It’s hard, for those who have not experienced it, to imagine the desolation of the Sahara. The great sand sea, the size of America, where only the Tuareg ride. Even to this day the vastness is daunting, but 80 years ago – during the days of French colonialism, when the sands were policed for the west by the French Foreign Legion – it was truly a bizarre and alien place.

Marrakech 022 “The Sheltering Sky” captures the starkness with beauty and elegance and a certain nostalgia for the past. The quiet mud-walled cities high and defended by the Berbers, from whence came the word ‘barbarian’, unfairly of course for they and their deep-desert cousins, the Tuareg, were riding the sand seas long before the ‘west’ came into existence. Isn’t Tifinagh, the Tamashek (Tuareg) alphabet even from 2000 B.C., said to be linked with Phoenician from the days when the Tuareg trafficked slaves, salt and gold north from the dark lands and spices and weapons south from the trading ports of the Maghreb?

I’ve always loved the Sahara and its northern fringes, sand lapping up against the sea. I’ve even been to Timbuktu, I’ve seen the ancient Sankore Place which 700 years ago hosted a university of more than 20,000 people. I’ve walked through Djenne mosque, the largest mud building in the world. I’ve toured the ancient libraries where wisdom pre-dates the modern west, translations of Aristotle jockeying for position with Islamic poetry. I’ve conversed with the Songhai Imams of Djineberger mosque, a lineage as important as royalty. And on the other side, I’ve sauntered through the Medina of Marrakesh and sat in silent contemplation at the slightly listing Mosque of the Booksellers from the days when the Almoravids and Almohads held their own Berber empire that reached all the way north into Cordoba, south to Timbuktu and east to Egypt.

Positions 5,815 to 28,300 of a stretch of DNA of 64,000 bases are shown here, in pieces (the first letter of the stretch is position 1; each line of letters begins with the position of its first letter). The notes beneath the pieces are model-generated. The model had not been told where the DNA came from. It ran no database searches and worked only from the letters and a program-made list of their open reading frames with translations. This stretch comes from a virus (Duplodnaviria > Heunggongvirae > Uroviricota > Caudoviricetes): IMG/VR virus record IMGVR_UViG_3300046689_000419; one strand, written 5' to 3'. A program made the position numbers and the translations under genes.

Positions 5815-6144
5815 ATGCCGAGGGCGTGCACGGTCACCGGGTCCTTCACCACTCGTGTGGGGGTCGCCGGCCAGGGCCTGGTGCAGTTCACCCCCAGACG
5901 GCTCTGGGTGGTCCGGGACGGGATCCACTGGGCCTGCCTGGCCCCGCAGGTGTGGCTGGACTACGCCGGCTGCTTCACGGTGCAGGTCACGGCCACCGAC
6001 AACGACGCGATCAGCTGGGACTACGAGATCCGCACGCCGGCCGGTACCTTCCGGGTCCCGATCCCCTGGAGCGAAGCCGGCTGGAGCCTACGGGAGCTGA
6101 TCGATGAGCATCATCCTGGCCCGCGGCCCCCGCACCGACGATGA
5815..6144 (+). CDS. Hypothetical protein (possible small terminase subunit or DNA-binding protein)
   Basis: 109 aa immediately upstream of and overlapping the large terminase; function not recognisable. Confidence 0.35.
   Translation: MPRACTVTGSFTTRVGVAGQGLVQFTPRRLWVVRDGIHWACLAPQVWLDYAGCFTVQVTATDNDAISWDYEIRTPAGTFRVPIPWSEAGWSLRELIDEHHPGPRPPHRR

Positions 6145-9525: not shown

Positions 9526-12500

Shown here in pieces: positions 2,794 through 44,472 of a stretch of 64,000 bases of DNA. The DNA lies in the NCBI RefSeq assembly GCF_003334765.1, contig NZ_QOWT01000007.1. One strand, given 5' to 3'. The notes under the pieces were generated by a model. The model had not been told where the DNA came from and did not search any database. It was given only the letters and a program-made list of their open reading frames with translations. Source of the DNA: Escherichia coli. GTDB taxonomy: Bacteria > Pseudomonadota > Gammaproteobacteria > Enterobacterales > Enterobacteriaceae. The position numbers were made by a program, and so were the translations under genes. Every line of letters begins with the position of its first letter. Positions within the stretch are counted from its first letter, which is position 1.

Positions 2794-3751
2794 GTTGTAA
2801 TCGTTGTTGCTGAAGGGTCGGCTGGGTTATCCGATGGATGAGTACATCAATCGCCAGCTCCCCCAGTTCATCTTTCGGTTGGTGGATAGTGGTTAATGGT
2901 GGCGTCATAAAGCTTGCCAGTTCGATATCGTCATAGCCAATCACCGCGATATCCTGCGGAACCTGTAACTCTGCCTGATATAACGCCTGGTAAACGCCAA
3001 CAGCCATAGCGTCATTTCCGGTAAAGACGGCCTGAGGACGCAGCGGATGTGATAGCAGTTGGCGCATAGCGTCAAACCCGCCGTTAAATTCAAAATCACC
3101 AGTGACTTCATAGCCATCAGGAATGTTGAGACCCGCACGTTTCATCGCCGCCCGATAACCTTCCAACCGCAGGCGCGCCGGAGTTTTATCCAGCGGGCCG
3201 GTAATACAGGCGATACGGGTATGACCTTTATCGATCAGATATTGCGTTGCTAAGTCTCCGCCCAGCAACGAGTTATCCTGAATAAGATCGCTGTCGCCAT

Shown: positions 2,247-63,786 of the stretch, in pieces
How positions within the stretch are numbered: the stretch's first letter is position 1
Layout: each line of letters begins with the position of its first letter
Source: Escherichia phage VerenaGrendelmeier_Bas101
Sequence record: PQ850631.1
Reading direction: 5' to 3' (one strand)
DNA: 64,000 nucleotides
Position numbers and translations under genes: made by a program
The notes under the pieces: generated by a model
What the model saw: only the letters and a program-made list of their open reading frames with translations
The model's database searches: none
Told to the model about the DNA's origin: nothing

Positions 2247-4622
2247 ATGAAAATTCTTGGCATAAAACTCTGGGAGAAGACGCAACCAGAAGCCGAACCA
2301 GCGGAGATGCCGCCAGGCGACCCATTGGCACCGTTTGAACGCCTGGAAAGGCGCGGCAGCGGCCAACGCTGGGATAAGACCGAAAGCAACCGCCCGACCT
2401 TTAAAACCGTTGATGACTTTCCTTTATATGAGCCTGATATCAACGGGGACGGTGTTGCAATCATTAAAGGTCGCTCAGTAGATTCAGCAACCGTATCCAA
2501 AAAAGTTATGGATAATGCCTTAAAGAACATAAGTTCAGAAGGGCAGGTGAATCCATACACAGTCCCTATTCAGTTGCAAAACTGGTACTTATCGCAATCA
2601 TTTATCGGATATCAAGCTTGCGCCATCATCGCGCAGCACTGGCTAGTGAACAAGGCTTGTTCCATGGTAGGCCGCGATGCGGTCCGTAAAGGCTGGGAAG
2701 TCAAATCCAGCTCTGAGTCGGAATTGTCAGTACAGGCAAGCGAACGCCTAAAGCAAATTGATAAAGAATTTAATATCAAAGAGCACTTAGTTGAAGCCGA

“The Sheltering Sky” is a story about the Berber Maghreb, though the author consistently calls them Arabs. Perhaps because of their language, or their religion, or the fact that their kings often claim the lineage of the Prophet. It is about the oasis towns. It is about the desert and the water; the heat and the sun – it is a story about three wayward travelers from America who are seeking something exotic, to somehow find themselves in a place that is so alien that it reinforces within themselves what is theirs and theirs alone.

It is a story, also, about disease. The diseases that still plague the Maghreb, typhus and malaria and meningitis. But also about a greater disease still, that of madness – a madness that consumes, that is encouraged by the vast desolate open spaces where the djinn remind us that we are not in control. For those who have been in that area of the world, this book will resonate with you as you re-experience the loneliness. For those who have not, and travel there is hard these days as the region descends again into anarchy and the jihads that have so often rolled across the sands like waves, at least you will through this extraordinary novel experience vicariously what it must be like.